Recording The Jester, a blog entry from Daniel Inzani‘s website.

Last summer I heard ‘Copernicus’ by Alabaster dePlume. I was amazed by it’s blend of colourful, orchestral textures, with imaginative and playful wordplay. When we met soon after we had a long, thoughtful two-minute discussion and decided to have a jam with the intention of making a record together, whatever sort of record we wanted! Once you have made that decision, conceptualising a record is a lot of fun, like picking any combinations of flavours and toppings for your very own perfect ice-cream sundae.

We congregated an ensemble of trusted musicians and we picked well: a fine variety of strings, percussion and horns to give life to our ideas, piano, saxophone and voice. With our compatibly different material as a platform, we wanted the right recording process and set out to create an environment where we could encourage and capture fresh, improvised and heart-felt live recordings. We turned to Drezz’s mobile studio ‘The Tape Rooms’ (who recently recorded albums for many of us with ‘Count Bobo and the Bullion’ and ‘Bert Miller and the Animal Folk’) to make a relaxed home set up. Then in January this year, with everything in place and deliberately minimal rehearsal, we took a week out of our lives and made ‘The Jester’.

It was an experiment, and what I learned from it was what I wanted to do with my life. To play in harmony with interactive, sensitive and frankly incredible musicians whilst the analogue ear of tape machines and vintage gear listen and create a sound that is even more satisfying is a musical experience beyond comparison. The arrangements of the songs were often improvised and finalised as a group, with a few recordings totally unprepared. Some takes chosen for the album were the first time the songs had even been played as a group for the unreplicable freshness of such a performance, which is a testament to the ability and attitude of the collective.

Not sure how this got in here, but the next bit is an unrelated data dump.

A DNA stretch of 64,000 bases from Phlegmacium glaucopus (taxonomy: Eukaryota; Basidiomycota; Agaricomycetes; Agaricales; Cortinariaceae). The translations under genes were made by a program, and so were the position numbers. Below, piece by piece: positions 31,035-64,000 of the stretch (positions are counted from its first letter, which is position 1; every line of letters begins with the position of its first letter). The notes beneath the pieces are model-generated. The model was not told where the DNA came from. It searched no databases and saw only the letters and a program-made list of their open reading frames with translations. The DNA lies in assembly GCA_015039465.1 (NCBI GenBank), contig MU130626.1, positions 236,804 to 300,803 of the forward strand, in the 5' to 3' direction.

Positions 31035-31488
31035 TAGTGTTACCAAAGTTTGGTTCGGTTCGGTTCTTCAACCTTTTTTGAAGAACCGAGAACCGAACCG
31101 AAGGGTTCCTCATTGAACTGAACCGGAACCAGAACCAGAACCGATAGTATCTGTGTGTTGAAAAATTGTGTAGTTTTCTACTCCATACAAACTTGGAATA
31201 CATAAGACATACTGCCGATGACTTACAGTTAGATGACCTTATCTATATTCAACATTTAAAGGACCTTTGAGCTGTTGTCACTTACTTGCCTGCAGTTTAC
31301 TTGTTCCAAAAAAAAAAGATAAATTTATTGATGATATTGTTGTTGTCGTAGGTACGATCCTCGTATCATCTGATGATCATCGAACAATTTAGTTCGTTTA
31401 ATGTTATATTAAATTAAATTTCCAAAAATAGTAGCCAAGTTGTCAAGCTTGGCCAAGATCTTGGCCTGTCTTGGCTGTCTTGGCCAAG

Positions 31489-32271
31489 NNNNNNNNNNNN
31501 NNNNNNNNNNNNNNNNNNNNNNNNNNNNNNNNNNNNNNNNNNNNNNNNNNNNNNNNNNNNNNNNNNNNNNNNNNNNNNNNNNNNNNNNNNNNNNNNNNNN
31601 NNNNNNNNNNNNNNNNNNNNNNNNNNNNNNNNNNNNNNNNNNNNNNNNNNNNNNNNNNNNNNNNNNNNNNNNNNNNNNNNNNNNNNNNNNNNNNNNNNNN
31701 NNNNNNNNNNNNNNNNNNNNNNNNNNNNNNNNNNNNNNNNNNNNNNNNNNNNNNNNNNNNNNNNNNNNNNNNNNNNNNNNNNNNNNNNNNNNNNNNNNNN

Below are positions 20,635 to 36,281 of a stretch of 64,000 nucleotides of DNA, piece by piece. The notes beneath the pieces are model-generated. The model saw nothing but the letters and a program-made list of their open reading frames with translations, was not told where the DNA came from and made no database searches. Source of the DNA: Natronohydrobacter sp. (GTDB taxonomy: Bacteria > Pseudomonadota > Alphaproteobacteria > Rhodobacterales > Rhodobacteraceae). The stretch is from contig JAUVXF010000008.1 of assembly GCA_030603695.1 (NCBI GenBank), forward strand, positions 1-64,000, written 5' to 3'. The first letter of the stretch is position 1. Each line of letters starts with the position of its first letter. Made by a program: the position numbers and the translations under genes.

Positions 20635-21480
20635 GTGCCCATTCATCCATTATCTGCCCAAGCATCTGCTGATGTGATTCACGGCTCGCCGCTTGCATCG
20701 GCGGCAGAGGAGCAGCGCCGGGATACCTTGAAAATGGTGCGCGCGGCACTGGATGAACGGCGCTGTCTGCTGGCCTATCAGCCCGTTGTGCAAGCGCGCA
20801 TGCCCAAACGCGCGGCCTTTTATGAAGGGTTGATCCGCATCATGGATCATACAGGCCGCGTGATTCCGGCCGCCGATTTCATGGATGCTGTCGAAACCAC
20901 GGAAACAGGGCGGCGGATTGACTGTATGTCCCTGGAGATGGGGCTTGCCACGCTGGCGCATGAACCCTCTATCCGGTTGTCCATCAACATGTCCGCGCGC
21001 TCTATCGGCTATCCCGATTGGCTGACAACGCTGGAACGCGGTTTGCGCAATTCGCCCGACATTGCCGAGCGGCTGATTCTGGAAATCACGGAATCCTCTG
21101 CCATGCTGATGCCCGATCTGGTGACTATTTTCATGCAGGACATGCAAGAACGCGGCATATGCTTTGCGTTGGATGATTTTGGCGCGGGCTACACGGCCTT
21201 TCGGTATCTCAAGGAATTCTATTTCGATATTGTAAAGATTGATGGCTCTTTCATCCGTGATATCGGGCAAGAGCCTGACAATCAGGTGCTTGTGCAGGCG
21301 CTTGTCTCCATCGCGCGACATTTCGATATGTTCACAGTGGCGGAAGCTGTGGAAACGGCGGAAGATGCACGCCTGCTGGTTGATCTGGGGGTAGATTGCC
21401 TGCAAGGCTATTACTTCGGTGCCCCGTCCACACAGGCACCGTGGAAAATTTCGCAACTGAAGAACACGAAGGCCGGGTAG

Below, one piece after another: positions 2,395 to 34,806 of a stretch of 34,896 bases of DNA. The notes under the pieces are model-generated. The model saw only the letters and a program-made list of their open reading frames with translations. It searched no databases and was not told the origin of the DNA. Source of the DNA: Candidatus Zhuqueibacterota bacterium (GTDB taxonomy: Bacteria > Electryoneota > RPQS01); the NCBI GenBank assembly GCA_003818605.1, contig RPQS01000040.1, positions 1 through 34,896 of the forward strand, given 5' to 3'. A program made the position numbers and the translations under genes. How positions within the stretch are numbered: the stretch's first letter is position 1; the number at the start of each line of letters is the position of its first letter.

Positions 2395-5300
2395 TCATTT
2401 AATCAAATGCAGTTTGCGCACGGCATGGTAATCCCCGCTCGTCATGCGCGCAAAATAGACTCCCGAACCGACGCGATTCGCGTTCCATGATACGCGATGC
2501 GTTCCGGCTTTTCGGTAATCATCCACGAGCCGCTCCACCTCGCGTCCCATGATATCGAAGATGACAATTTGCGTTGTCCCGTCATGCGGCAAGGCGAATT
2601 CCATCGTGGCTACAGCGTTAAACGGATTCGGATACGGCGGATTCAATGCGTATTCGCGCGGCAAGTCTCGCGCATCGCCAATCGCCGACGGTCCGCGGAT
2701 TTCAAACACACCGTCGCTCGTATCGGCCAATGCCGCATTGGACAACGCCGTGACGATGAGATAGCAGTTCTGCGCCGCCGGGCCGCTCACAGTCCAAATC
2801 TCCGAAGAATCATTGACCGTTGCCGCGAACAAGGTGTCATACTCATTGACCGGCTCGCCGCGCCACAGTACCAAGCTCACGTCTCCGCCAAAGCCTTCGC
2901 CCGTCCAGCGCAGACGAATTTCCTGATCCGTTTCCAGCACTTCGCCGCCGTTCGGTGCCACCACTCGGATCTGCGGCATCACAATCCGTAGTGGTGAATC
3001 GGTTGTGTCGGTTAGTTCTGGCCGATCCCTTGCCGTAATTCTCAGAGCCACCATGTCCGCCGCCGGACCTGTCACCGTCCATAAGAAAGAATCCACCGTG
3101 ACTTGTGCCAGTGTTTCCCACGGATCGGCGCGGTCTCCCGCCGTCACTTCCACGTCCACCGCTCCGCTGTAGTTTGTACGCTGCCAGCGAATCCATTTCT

At the end of each days recording it was time for mixing, as we needed to record over the tapes the following day. This is a ruthless process and performance in it self, complete with every painful moment of magic and wonderful mistake. Each day bought a different selection of the ensemble together and the week ended with a surreal listen back and cherry picking of several takes of our material. Although I was quietly confident we were onto something special I was overwhelmed by the experience and the music we made. In fact, over overwhelmed and thankful for the energy and time put into the record by the ensemble, who I hope can take as much pride and happiness from their input as I have from working with them.

The record is being released on vinyl, CD and as a digital download on 8th July, and is to be accompanied by the artwork of many talented friends. To find out more visit:

www.thejesterproject.co.uk

The release will be celebrated with several album launch shows which are detailed on the website, but in particular intrest to my friends in the south-west there is a Bristol album launch at The Folk House on 20th July. Presented at the event will be a collection of artwork, created in response to The Jester, by artists from around the country and a special guest support slot from Wenonoah.

The Jester Ensemble

Alabaster DePlume – tenor saxophone and vocals
Daniel Inzani – upright piano and chorus
Jessica Macdonald – cello and chorus
Leon Boydon – acoustic bass and chorus
Dan Truen – drums and chorus
Dominie Hooper – vocals and percussion
Lorenzo Prati – tenor saxophone, penny whistle and chorus
Hannah Miller – cello
Beth Porter – cello
Stefan Asanovic – percussion and chorus
Aaron Catlow – violin, tiny harmonica and chorus
Pete Gibbs – percussion and chorus

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